Skip to main content
Quest UAV First Flight

One of two QuestUAVs within the ESI UAV Facility fleet.

An eye in the sky: UAVs in Environmental Research

Unmanned Aerial Vehicles (UAVs) have the potential to transform the way that researchers capture data about the Earth and they are emerging as a major scientific opportunity, however there are challenges in UAV deployment and use. 

A scientific meeting, UAVs in Environmental Research, will bring together international experts, users, developers and commercial operators to explore the issues and opportunities for collaboration in this cutting-edge field.

The two-day event is hosted by the University of Exeter’s Environment and Sustainability Institute (ESI) and organised by the Institute’s Dr Karen Anderson.  It will feature keynote speakers, an innovative open session and opportunities to explore the state-of-the-art in this immerging discipline.  The event will take place 10 and 11 July at the University’s Penryn Campus in Cornwall.  

Speaking of the relevance of the conference to current environment research, Dr Karen Anderson: “UAVs or drones are emerging as valuable tools for scientific research because they can provide data at an unprecedented fine spatial and temporal resolution, and at low cost.

“UAVs put data collection into the hands of the masses and the end-user in control of their own data. There has been an explosion of interest in their use within the environmental sector and the time is ripe to explore the range of interdisciplinary connections between the sensor and platform developers, and the end users.”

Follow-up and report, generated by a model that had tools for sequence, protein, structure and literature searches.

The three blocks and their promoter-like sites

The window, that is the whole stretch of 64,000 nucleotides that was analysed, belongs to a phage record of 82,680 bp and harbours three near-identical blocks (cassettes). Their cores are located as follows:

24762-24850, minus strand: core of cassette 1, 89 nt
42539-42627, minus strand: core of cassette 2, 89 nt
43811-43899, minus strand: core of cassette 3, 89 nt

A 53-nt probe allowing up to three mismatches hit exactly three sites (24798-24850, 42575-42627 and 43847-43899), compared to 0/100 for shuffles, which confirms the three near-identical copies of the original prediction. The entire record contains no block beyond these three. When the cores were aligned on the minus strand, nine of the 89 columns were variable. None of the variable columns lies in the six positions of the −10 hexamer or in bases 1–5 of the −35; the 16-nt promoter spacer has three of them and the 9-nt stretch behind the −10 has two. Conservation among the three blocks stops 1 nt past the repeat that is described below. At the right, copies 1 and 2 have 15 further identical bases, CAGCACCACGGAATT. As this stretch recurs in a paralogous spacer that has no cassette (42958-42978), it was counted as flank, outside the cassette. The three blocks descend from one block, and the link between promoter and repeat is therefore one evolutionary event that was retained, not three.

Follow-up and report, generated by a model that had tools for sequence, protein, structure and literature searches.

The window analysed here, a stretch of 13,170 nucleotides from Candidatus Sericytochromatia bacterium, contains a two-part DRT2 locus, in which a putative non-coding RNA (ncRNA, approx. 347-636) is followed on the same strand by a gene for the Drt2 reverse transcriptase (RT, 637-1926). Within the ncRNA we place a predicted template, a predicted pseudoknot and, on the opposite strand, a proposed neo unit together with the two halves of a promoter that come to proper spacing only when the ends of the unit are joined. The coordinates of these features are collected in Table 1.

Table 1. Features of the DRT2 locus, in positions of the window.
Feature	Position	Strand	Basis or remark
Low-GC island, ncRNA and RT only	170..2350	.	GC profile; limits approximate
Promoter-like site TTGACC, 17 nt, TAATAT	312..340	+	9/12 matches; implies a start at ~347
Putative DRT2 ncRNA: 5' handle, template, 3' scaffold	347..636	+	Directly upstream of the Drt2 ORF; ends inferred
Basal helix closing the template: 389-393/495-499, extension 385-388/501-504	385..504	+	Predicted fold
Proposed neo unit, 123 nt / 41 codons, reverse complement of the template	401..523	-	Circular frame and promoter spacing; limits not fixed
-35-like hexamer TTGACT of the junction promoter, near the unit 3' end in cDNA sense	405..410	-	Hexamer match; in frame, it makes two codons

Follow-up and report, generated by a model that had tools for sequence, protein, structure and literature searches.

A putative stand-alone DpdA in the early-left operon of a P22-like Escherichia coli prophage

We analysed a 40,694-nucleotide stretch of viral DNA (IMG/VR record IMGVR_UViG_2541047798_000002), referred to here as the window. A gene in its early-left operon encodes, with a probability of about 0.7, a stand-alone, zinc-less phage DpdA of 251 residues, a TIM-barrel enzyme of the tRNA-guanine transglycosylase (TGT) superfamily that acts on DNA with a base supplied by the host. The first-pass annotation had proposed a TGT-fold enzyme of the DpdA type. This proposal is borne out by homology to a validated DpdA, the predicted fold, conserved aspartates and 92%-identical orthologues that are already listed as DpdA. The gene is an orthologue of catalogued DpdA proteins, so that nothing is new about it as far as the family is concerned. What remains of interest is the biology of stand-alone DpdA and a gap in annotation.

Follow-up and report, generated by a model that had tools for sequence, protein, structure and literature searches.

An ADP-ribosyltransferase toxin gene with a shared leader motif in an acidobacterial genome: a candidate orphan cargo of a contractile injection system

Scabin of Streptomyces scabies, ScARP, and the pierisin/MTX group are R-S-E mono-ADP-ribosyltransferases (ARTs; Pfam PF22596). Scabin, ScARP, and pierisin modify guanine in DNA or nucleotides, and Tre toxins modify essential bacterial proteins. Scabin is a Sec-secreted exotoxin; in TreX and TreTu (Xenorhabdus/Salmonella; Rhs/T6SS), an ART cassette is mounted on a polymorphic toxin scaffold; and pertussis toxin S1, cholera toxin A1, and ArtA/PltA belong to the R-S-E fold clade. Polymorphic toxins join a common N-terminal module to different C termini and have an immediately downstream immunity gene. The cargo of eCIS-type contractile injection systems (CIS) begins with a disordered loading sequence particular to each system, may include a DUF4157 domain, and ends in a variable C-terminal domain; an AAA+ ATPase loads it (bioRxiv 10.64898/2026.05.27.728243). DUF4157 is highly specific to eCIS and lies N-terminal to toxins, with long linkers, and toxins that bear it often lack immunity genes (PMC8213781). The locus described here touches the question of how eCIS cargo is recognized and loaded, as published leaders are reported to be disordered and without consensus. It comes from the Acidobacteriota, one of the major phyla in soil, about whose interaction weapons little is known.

To find out more about the meeting, and to book your place click here.  

The UAVs in Environmental Research meeting has been enabled by funding from the Bridging the Gaps initiative.  

The ESI is working with businesses and enterprises across all sectors of the economy in Cornwall, the Isles of Scilly and beyond to translate research and expertise into innovative business practices, products and services in order to respond to the challenges of environmental change. It has been funded by the European Regional Development Fund Convergence Programme (£22.9M) and the South West Regional Development Agency (£6.6M), with significant support from the Higher Education Funding Council for England.

Date: 14 May 2014